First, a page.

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Above: Moving on, the rendering of point of sources of light into so-called bokeh blobs is an important capability of large aperture lenses, so for my next test I photographed this ornament in front of some LED fairy lights. The XF 50mm f1 and 56mm f1.2 both share the same minimum focusing distance of 70cm versus 39cm for the 50mm f2, so for this first comparison I shot with them all from the same distance – but I will show you the 50mm f2 from its closer distance afterwards. Oh and since everything was shot at 70cm away, the 56mm will show a slightly tighter view due to its slightly longer focal length. Wide-open, there’s the familiar cats-eye rugby ball shape from the XF 50mm f1.0 towards the edges, although this decreases quickly and by around f1.4 the blobs become more circular. The style of rendering, at least from this pre-production sample, is for softer edges which makes for a less distracting, less busy background.

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Above: Now for all three lenses, side by side with the 50mm f1 on the left, the 56mm f1.2 in the middle and the 50mm f2 on the right, all wide-open and from the same distance. The first thing you’ll notice is the smaller size of the blobs from the 50mm f2 on the right, a limitation of its smaller aperture. But look at the differences in the style of the rendering, in particular between the 50mm f1 and 56mm f1.2, where the 56mm renders much sharper edges to its blobs, often with a distracting lining as a result. Obviously rendering and bokeh is an entirely personal choice, so I’d be very interested to hear which lens you prefer here, but the 50mm f1 is certainly less harsh than the 56 here. I should however mention Fujifilm also offers an APD version of the 56mm which renders softer bokeh effects, although it’s priced the same as the 50mm f1.

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Above: But wait, as mentioned earlier, the cheaper XF 50mm f2 can focus much closer than the other two lenses, in fact almost twice as close, so I’ve switched the previous image at 70cm for one taken at its minimum focusing distance, quoted as 39cm. Obviously this makes both the subject and the blobs bigger than before, and now its has the biggest blobs of all three lenses, plus while the rendering isn’t as smooth as the 50mm f1, it still avoids the sharp edges of the 56mm, at least in the standard non-APD version. As an aside, it’s actually the smaller aperture of the 50mm f2 that allows its closer focusing distance as larger aperture lenses suffer from increased field curvature at close distances, hence the limit on the f1 and f1.2 models.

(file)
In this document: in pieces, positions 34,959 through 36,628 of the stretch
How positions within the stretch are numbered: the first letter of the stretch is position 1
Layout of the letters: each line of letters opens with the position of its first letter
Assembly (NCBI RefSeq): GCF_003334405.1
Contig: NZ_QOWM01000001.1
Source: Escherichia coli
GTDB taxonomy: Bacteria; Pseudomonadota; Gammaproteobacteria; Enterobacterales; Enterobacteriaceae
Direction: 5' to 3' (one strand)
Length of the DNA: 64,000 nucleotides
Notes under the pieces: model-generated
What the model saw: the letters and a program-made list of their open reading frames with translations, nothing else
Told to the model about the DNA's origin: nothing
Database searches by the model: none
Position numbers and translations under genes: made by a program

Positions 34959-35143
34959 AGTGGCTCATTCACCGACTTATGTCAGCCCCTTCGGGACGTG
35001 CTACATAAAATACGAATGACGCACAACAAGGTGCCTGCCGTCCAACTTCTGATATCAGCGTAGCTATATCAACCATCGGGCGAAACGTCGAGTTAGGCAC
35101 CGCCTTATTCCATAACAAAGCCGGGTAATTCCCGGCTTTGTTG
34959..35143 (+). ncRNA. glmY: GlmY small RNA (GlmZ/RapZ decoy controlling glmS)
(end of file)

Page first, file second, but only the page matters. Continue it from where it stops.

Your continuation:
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Above: Everything that makes the lens great for photos also applies to video, and I found it especially fun to present pieces to camera with that very shallow depth-of-field. The X-T4 successfully refocused on me as I moved back and forth, although sometimes took a moment to catch up. As such it’s not as responsive as using, say, the Canon RF 50mm f1.2 or 85mm f1.2 on an EOS R body, but again this was a pre-production lens and performance may improve on a final model. Note the lens focusing is quite audible. To be fair it has a lot of elements to move, but if you’re filming a piece to camera, be sure to use an external, or ideally a lav mic. On the plus side, there’s minimal focus breathing to worry about.